The book is a perfect example of how to produce this kind of anthology; there are introductions to each section, notes, chronology, a note on Russian names, further reading, and details of where some of the pieces have been published before. This, interestingly, indicates that those were ‘earlier versions’ so I presume that this new collection has updated ones, and they read quite beautifully. All in all, And Time Was No More is a stunning book which really captures Teffi, her life and her work; even if you’ve read some of her books before, I highly recommend this one for the sheer enjoyment it gives and the wonderful sense the reader gets of travelling alongside Teffi through the years. A really marvellous release!

Shiny New Books Logo

Karen Langley blogs at kaggsysbookishramblings and believes that great writing transcends time and place.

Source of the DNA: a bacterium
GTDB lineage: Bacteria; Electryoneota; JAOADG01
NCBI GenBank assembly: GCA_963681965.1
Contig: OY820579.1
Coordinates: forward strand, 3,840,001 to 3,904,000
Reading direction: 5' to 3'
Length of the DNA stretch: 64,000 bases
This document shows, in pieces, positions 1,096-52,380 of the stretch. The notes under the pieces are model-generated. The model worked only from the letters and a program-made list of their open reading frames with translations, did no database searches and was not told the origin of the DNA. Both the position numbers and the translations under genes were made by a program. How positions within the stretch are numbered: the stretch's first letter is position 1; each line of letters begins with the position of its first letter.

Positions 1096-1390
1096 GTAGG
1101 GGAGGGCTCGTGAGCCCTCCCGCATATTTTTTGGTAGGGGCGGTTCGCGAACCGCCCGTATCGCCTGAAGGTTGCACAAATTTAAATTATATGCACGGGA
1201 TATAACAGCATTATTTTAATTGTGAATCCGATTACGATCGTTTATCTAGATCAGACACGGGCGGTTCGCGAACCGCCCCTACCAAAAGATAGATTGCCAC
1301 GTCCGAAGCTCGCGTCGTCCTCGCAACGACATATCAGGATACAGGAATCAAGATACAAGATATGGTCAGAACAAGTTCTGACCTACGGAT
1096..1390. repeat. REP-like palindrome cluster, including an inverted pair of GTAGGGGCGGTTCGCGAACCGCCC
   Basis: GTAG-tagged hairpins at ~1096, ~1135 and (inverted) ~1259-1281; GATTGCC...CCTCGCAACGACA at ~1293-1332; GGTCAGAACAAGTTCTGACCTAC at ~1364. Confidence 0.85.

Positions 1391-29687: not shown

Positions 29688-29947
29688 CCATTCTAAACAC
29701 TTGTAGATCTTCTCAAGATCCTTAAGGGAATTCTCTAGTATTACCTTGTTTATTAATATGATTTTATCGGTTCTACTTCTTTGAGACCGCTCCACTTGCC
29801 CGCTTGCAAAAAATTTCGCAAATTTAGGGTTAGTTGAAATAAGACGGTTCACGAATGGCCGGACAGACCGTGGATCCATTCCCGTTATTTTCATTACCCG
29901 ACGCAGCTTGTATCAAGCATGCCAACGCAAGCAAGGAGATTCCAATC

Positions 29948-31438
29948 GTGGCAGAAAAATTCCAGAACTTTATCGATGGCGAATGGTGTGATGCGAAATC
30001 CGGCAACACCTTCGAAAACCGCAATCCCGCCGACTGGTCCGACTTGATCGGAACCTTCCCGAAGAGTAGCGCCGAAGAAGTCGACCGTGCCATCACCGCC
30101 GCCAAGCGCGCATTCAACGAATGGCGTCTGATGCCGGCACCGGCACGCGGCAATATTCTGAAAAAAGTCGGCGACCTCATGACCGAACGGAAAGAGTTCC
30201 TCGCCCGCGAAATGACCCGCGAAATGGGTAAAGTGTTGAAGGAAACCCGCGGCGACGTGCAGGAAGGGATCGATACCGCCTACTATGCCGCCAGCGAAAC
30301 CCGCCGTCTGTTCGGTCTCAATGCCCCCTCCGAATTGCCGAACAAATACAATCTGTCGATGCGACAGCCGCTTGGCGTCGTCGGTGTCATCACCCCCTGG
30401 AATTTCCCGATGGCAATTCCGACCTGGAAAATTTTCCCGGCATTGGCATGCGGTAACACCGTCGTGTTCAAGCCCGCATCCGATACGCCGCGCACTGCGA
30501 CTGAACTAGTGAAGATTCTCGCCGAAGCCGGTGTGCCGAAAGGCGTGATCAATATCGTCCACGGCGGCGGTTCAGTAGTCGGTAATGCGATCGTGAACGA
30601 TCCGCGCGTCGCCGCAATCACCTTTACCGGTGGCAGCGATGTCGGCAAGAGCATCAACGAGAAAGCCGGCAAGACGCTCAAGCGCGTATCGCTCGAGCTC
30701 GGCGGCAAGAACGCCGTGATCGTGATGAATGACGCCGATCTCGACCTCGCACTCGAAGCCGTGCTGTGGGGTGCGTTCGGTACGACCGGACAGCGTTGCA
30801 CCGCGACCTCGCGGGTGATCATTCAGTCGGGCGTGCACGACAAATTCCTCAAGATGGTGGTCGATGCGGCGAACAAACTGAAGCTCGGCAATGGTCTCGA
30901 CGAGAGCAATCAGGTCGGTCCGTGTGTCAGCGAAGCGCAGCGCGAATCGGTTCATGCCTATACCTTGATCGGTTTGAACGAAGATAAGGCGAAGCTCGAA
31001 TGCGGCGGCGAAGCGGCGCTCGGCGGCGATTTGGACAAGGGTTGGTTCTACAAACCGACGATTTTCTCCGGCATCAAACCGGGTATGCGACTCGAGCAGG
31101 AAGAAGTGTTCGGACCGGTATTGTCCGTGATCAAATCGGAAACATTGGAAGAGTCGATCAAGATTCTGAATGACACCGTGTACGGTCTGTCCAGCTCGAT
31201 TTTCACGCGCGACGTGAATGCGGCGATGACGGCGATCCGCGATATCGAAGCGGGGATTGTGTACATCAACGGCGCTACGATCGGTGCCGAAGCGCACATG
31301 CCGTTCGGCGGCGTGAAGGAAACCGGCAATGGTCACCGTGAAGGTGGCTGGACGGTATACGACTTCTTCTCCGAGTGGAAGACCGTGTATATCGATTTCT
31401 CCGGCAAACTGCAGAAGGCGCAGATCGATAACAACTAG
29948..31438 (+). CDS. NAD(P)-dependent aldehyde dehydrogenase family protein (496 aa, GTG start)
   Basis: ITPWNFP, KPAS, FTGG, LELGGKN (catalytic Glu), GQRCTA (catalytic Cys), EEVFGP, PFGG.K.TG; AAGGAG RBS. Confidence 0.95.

Teffi, And Time Was No More (Pushkin Press, 2024). 978-1787303638. 252pp., paperback original.

BUY at Blackwell’s via our affiliate link (free UK P&P)

3 comments

  1. Fascinating collection! I really like the sound of bringing together different sorts of writing to explore different things. And I’ve always thought the immigrant/emigrant experience is fascinating in and of itself, and gives a person a unique perspective.

    1. It’s very well done, Margot – follows her through her life and all its changes beautifully, and really captures the vagaries of her life. It certainly was full of events!

  2. I love that kind of supporting material; it really does sound as though they have gotten every tiny detail just perfect.

Do tell us what you think - thank you.